Chapter 5 of For the Beauty of the Earth, by Steven Bouma-Prediger is called “How should we think of the earth? A theology and ethic of care for the earth.”
The most promising ecological ethic is one that asks not primarily, What do we need to do? but Who do we need to be?
Neither cosmocentrism, with its “ethic of adoration,” nor anthropocentrism, with its “ethic of exploitation,” is adequate since both tacitly assume a dualism between nature and history, differing only in which has priority. Only a theocentric perspective, which refuses to accept such a dualism, is able to cultivate a proper “ethic of responsibility.” For these and other reasons Richard Young concludes that “the Christian Scriptures, when interpreted through a theocentric perspective, offer the most satisfying and realistic solution of the environmental problem.”
It is as false to claim that concern for the earth is not a legitimate feature of authentic Christian discipleship as it is to claim that care for the earth is the sum total of what it means to be a disciple of Christ. As the “Evangelical Declaration on the Care of Creation” puts it, “We resist both ideologies which would presume the Gospel has nothing to do with the care of non-human creation and also ideologies which would reduce the Gospel to nothing more than the care of that creation.”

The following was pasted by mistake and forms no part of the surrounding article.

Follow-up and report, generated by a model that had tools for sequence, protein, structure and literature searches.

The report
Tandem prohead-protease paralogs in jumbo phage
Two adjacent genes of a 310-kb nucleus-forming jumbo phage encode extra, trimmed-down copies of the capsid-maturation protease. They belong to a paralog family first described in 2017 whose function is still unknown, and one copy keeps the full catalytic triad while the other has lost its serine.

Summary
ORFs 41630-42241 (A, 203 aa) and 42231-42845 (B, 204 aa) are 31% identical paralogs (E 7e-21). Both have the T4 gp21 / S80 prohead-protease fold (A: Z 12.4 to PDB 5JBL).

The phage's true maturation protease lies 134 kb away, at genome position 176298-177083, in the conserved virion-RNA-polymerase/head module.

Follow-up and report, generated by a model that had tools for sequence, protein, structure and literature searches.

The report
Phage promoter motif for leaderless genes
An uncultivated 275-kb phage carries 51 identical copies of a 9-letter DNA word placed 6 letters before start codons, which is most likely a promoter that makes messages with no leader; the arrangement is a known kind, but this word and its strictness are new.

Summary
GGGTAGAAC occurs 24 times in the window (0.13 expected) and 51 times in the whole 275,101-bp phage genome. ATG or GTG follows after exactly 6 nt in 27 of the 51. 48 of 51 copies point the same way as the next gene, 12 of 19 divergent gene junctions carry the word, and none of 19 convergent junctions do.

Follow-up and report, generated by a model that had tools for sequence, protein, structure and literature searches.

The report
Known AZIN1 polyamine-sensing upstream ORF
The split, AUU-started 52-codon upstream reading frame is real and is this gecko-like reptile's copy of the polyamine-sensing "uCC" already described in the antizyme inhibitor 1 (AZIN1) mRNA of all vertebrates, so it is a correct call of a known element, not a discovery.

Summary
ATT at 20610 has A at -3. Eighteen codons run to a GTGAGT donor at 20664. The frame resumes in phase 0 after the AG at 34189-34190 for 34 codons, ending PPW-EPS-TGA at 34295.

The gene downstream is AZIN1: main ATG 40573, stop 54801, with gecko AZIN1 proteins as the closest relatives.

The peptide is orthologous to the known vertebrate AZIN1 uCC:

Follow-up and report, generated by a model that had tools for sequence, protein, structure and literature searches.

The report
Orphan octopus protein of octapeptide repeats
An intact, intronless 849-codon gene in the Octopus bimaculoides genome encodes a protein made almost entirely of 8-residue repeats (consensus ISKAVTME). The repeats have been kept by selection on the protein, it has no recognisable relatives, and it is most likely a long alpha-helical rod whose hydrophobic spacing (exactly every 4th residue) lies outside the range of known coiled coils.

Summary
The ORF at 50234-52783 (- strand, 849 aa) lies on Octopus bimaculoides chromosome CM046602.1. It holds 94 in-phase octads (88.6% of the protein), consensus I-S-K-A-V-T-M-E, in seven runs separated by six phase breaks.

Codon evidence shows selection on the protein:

The challenge ahead is to persuade Christians that care for the earth is an integral feature of authentic Christian discipleship.
Jesus Christ is Creator, Integrator, and Reconciler; yet many who call on his name abuse, neglect, and do not give a care about creation. That irony is there for all to see. Honoring the Creator in word, they destroy God’s works in deed. Praising God from whom all blessings flow, they diminish and destroy God’s creatures here below. The pieces of this puzzle do not fit! One piece says, “We honor the Great Master!” The other piece says, “We despise his great masterpiece!” — Calvin DeWitt
Grace and Peace